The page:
As new students up and down the country prepare for university life, we’ve put together some tips from our online community for disabled students starting out. If you’re a seasoned student or graduate, please feel free to share your own!
- Make sure any access and care arrangements are in place and finalised. Get things confirmed in writing by email so you can access them quickly via smartphone if there is a problem.
- Are you employing a Personal Assistant (PA)? Start their induction early so they know what to expect and you can ensure a good match when you arrive at university.
- Is your Disabled Students Allowance (DSA) sorted? Have you had an assessment to see what support you might need? If not, contact Student Finance England.
- Have you checked your benefit entitlement? Some disabled students are eligible for other financial help on top of DSA and Disability Living Allowance (DLA) or Personal independence payment (PIP). For more information try the benefits checker or contact the disabled students helpline or check out the Students Support and Benefits Handbook.
- Speak to the doctor’s surgery you’ll be registered with at university, before you leave and find out what their registration process is, and if necessary book appointments.
- Put essential contact details in your phone. Good ones to include are student accommodation services, students union advice service, student support disability services, nightline, 24 hour security, local taxi companies (especially accessible taxi services), any local authority numbers you may need.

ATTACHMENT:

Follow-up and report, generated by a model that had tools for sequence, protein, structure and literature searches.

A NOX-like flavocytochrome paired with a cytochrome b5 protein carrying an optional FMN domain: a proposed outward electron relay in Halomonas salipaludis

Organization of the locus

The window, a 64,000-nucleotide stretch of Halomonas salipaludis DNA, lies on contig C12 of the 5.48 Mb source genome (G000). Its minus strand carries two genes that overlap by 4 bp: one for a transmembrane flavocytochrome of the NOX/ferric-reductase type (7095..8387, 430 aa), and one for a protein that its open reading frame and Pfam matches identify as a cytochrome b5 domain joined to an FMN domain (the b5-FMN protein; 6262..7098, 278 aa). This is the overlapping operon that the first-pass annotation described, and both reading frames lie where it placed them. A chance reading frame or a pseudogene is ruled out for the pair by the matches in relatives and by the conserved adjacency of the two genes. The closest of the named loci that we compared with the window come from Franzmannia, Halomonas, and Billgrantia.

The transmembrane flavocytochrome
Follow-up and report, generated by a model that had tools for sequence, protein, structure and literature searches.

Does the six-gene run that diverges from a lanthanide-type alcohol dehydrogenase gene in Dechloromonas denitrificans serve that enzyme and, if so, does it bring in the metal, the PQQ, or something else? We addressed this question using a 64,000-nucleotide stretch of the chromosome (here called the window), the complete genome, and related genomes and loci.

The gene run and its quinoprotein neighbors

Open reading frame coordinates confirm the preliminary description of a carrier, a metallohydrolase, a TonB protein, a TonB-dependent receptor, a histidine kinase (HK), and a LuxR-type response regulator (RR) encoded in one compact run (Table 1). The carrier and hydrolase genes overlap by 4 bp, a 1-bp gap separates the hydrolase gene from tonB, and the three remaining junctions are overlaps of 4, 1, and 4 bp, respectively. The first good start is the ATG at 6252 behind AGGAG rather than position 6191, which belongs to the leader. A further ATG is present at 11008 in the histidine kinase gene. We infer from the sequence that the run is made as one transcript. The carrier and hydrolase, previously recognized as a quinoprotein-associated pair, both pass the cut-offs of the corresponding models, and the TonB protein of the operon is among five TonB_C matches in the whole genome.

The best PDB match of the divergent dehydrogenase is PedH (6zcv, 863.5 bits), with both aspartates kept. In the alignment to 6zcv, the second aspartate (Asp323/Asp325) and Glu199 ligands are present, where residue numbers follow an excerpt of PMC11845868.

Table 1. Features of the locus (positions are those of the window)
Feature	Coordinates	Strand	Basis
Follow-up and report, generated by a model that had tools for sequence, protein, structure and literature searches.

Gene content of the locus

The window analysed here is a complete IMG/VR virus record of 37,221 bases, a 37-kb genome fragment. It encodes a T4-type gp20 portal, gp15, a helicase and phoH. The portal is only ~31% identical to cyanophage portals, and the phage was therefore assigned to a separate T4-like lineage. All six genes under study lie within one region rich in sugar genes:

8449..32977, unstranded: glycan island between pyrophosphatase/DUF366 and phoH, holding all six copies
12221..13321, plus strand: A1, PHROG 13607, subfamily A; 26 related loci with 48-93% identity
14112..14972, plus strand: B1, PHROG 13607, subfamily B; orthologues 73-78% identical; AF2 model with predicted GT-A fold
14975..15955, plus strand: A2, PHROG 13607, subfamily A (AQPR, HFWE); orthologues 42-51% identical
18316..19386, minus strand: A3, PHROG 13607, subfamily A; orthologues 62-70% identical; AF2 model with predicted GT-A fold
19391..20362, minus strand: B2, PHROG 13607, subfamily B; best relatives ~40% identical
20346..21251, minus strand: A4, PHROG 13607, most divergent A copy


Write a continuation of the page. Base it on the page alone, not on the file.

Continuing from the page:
- Don’t forget to pack any registration or welcome literature from the university – put essential documents in a folder and keep them close to hand. Another essential is a map of the university.
- If you find using a photo booth difficult, take a stash of printed passport photos with you. You’ll end up needing them for all sorts of things, such as student ID cards, National Union of Students (NUS) cards and rail cards.
- See if the students support service offers a disabled students induction. It can be a great way to orientate yourself around the university and also meet other students that have had similar experiences to you.
Transport and access
- Find out what bus routes you may be taking and if it helps, look it up on Google maps or street view, so you can recognise where to get on and off. Check accessibility of the buses and get a bus pass sorted out before you leave.
- Some universities have free ‘safety buses’ which you can use to get home after a night out. Find out if your student union offers these and if so, when and where they are available and what accessibility they have. They can be a real lifesaver if accessible taxis aren’t readily available and you’re trying to get home!
- If you’re taking your car, find out about blue badges or parking passes, make a note of where the good parking spots for your accommodation, students union, and lectures are located.
- Find out where accessible toilets are located around the university. If you can get an advance copy of your timetable and the locations of lectures, you can work out the easiest routes to take.
- Check out the library for access, including the locations of accessible workstations. See if there is a library tour or induction you can go on; this can help you quickly find out how to locate journals or use moving bookcases if they have them.
Stuff you might need
- Remember to pack spares and extra batteries for any equipment you’d be lost without.